While Georgia, Alabama, and Missouri just passed strict abortion bans, the Kansas Supreme Court has taken a completely different tack. In Hodes & Nauser v Schmidt, the court ruled that the Kansas Constitution protects a womans right to have an abortion, except in cases of a narrowly tailored state interest. Kansas Senate President Susan Wagle quickly denounced the decision. Making little reference to the courts reasoning, Wagle instead used a fiery op-ed to denounce the decision as out of touch with Kansas values, criticize other states that have passed laws protecting abortion access, and even invoke the draconian phrase culture of death. Wagle and her allies demand a legislative fix, most likely a constitutional amendment, to the ruling.
Listening to the rhetoric, one could hardly guess that the number of abortions provided in the U.S. is already falling dramatically but it is. According to the Center for Disease Control, the number of abortions dropped from over 852,000 in 2006 to about 638,000 in 2015. There is nothing in the data indicating that the drop is due to tough state restrictions on abortion. Instead, during the period studied, new methods of birth control particularly reversible implants became more widely available and commonly used, resulting in fewer unplanned pregnancies and fewer abortions. We should build on this progress.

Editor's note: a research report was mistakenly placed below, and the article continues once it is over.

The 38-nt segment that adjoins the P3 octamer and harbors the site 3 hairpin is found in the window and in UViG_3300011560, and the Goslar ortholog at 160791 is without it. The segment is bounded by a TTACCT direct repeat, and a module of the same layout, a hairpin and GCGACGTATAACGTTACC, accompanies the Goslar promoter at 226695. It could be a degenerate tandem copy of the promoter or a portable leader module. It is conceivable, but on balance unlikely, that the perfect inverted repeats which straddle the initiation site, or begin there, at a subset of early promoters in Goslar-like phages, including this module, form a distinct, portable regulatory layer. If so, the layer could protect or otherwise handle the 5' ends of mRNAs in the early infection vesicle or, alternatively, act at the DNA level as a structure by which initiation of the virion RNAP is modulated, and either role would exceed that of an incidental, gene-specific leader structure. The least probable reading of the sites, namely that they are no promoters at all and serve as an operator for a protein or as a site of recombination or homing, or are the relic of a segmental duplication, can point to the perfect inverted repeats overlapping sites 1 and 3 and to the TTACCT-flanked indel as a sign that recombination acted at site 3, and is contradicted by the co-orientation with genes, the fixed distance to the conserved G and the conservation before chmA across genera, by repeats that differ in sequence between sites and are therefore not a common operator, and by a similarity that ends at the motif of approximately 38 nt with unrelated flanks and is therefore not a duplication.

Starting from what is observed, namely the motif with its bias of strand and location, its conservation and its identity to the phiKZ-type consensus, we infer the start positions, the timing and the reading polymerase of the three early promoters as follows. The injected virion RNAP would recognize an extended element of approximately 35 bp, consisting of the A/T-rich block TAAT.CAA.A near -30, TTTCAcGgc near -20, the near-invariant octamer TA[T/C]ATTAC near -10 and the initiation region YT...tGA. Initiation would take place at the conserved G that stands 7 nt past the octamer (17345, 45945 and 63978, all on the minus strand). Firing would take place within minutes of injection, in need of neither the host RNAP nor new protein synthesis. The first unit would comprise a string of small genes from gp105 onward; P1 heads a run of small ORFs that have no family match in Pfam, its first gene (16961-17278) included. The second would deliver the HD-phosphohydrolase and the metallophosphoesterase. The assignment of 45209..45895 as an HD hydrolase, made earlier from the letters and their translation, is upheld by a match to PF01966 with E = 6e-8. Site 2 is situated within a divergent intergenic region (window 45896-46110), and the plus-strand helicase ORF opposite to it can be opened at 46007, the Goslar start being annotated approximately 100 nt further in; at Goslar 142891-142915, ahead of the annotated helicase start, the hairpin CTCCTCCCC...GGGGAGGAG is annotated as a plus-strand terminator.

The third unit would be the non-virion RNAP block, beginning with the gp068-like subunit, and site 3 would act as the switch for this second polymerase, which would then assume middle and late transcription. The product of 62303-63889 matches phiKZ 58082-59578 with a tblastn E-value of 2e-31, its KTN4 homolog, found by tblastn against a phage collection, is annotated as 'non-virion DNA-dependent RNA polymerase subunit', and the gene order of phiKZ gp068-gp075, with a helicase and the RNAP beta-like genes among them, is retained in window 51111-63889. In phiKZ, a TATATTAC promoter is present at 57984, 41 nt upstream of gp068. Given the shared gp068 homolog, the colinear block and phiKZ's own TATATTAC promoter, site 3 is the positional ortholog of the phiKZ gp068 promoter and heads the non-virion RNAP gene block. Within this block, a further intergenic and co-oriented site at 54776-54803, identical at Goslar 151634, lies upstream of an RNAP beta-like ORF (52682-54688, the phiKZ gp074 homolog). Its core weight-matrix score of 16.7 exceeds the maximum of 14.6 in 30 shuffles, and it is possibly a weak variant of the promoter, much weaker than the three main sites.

If Wagle and her allies succeed in criminalizing abortion here, then women who are able will simply travel to other states to have abortions. Granted, Georgias brand-new law include penalties for state residents who have abortions in other states, but this provision blatantly violates the U.S. Constitutions Privileges and Immunities Clause. It is not likely to survive even the most conservative court. Unfortunately, this is not the end of the story. Kansans women who suffer from rape, incest, poverty or some combination of these would now face even more challenges. Some of those affected are children themselves. Ominously, the Kansas Department of Health and Environments birth statistics include a category for babies born to girls ages 10 to 14. There were only 22 of these in 2016 but that is 22 too many, and not a number we want to see on the rise.
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